M13: The Great Globular Cluster in Hercules

In 1716, English astronomer Edmond Halley noted, “This is but a little Patch, but it shews itself to the naked Eye, when the Sky is serene and the Moon absent.” Of course, M13 is now less modestly recognized as the Great Globular Cluster in Hercules, one of the brightest globular star clusters in the northern sky. Sharp telescopic views like this one reveal the spectacular cluster’s hundreds of thousands of stars. At a distance of 25,000 light-years, the cluster stars crowd into a region 150 light-years in diameter. Approaching the cluster core upwards of 100 stars could be contained in a cube just 3 light-years on a side. For comparison, the closest star to the Sun is over 4 light-years away. The remarkable range of brightness recorded in this image follows stars into the dense cluster core. Distant background galaxies in the medium-wide field of view include NGC 6207 at the lower right. via NASA https://ift.tt/3owQi9e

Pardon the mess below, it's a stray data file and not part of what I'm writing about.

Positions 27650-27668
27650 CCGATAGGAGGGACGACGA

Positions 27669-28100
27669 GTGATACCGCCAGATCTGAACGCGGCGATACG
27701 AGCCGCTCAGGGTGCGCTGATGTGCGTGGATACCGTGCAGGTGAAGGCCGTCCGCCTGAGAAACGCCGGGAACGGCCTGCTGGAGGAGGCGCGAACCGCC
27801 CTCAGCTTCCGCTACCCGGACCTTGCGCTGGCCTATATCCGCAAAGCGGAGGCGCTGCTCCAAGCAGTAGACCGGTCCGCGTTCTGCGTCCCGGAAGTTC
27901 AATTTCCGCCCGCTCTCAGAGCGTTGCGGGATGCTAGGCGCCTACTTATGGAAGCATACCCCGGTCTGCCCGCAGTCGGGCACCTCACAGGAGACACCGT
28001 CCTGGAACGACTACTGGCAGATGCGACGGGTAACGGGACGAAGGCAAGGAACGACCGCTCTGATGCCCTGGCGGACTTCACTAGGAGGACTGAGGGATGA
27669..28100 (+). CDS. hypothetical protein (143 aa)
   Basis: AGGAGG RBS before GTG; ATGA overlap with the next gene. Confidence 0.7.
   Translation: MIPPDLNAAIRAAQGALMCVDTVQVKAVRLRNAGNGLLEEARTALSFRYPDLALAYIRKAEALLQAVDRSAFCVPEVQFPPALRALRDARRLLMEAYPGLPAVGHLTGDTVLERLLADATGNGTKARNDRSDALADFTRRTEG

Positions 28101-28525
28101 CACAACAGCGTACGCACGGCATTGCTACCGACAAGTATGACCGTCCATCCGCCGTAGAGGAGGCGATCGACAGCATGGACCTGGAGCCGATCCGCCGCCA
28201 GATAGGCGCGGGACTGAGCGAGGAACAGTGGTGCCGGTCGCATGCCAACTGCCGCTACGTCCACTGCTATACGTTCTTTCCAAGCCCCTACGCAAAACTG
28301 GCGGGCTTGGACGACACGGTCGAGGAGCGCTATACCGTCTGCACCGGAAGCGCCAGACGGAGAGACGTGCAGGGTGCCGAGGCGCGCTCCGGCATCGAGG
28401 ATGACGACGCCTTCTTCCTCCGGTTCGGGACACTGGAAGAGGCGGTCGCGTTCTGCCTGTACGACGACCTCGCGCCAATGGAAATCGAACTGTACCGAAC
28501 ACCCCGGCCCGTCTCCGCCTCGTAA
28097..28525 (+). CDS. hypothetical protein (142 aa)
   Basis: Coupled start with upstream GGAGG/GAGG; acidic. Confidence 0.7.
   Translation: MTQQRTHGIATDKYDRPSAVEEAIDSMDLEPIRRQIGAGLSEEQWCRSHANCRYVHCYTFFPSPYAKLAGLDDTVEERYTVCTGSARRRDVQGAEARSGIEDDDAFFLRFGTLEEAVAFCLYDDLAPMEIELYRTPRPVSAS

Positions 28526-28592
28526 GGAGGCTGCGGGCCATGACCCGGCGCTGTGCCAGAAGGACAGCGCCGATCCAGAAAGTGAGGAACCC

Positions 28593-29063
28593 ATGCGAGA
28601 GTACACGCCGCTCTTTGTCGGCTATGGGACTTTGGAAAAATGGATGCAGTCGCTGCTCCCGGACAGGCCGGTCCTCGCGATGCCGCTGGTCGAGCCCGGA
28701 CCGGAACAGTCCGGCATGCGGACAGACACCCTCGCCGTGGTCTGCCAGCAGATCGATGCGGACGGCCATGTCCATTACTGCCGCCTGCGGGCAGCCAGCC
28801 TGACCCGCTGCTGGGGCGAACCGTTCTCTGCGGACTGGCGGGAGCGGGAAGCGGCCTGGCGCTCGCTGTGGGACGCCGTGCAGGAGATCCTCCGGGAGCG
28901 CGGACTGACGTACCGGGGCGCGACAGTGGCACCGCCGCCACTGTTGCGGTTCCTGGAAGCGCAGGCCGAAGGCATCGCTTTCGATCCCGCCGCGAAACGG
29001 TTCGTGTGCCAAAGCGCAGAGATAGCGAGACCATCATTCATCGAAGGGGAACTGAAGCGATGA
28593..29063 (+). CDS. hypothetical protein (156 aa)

Wikipedia article of the day for May 20, 2021

Wikipedia article of the day is Battle of Rethymno. Check it out: Article-Link Summary: The Battle of Rethymno was part of the Battle of Crete, fought during World War II on the Greek island of Crete between 20 and 29 May 1941. Two Australian battalions, supported by Greek forces, defended an airstrip and the nearby town of Rethymno against a German paratrooper attack (pictured). Due to confusion and delays at the airfields in Greece, the German assault was launched without direct air support, and drops occurred over an extended period rather than simultaneously. German units dropping near Allied positions suffered very high casualties, both in the air and on the ground. More than 500 Germans were captured, including the local commander. The Germans concentrated their resources on the battle for the airfield at Maleme, 50 mi (80 km) to the west, which they won. The Allies ordered an evacuation of Crete on 27 May, but were unable to communicate this to the units at Rethymno. Faced by a superior force of Germans equipped with tanks and artillery the Australians surrendered on 29 May.